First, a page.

Large tutorials are great for getting started with Git. However, sometimes you need tactical support or want to learn new tricks to add to your workflow. These resources will come in handy for specific Git subjects.
How to Write a Git Commit Message
provides strong advice that will help you write consistent, concise and
contextual messages on your commits. Commit messages are especially
important when working with others on a long-lasting project where you
dive through the commit history via
git log and related commands.
Oh shit, Git! is a profanity-filled description of tips to get you out of binds you may find yourself in when you get too tricky with Git commands.
Tips for a disciplined git workflow is less about workflow and more about how to write self-explaining commit messages, self-containing each commit and modifying branch history when you muff up before it is merged into master.
Another Git catastrophe cleaned up goes through a difficult merge scenario that required deep Git understanding to properly fix.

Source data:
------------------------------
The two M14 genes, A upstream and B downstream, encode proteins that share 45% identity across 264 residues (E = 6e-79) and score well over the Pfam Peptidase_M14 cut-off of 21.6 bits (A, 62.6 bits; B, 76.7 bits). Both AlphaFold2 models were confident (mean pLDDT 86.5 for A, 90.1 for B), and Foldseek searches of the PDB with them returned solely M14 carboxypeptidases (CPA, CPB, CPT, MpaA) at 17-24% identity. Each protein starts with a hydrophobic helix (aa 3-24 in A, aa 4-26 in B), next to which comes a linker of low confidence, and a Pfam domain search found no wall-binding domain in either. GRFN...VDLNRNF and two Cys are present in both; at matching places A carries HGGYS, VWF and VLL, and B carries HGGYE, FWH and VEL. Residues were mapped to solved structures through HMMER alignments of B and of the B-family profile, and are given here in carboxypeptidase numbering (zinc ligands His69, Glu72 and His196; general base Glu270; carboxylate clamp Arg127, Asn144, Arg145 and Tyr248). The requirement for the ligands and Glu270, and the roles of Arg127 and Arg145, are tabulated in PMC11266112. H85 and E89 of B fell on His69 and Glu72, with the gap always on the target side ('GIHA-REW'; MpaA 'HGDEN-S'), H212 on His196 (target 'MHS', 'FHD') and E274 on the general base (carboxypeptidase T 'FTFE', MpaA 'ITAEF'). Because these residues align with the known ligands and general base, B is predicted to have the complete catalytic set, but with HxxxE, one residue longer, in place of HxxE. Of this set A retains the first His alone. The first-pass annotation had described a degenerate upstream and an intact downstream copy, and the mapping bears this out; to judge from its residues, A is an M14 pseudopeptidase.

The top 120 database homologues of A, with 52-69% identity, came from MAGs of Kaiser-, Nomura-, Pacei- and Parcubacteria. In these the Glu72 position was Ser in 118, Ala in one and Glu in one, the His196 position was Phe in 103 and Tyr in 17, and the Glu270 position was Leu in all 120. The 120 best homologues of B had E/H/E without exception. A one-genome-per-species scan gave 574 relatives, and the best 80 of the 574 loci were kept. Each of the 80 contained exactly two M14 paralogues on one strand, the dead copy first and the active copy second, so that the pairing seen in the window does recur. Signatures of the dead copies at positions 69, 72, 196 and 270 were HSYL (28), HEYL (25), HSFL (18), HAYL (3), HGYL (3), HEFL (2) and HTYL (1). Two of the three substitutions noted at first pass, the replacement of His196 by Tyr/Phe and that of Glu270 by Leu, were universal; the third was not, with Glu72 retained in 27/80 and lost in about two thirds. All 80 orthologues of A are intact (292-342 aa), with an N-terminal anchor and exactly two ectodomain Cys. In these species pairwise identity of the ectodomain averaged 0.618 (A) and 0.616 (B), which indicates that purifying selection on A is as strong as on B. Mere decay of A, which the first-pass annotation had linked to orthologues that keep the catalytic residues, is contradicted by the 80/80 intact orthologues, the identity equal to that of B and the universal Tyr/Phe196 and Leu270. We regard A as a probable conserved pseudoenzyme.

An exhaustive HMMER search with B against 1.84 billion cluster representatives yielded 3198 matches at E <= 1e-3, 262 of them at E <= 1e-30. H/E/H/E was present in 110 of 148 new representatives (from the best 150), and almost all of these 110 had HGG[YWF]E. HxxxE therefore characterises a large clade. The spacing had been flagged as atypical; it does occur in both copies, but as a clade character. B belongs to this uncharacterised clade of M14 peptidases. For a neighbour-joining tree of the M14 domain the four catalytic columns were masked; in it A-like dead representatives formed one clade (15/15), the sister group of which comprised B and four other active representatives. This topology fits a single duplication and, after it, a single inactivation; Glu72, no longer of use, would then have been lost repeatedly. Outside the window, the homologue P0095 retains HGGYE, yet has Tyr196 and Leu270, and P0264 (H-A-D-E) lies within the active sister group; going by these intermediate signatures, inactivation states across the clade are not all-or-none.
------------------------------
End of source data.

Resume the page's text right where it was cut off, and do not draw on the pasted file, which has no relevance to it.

Erlang's source code provides a concise explanation on writing good commit messages that any programming ecosystem can learn from.
How Microsoft uses Git gives a high-level overview of their repository structure and hosting at the extremely large scale organization.
GitTips is a list of pro tips to clean up common issues and how to dive through Git history to find specific text.
Git allows command aliasing, which allowed one developer to create his own list of lesser known Git commands that alias more complicated Git lines.
Little things I like to do with Git has some nice tips such as easily viewing branches you recently worked on and generating a changelog from your commits.
Git from the inside out demonstrates how Git's graph-based data structure produces certain behavior through example Git commands. This is a highly recommended read after you've grasped the basics and are looking to go deeper with Git.
How To Host Your Own Private Git Repositories provides the steps for handling private Git repositories on your own server. This setup is great for either mirroring GitHub repositories or just getting away from hosted services entirely.
How to Quickly and Correctly Generate a Git Log in HTML is an interesting look at how string processing on *nix systems works by generating an HTML page from a Git log. If you need to output your Git commits somewhere and are having trouble writing your own script you should check out some of the interesting solutions the author presents.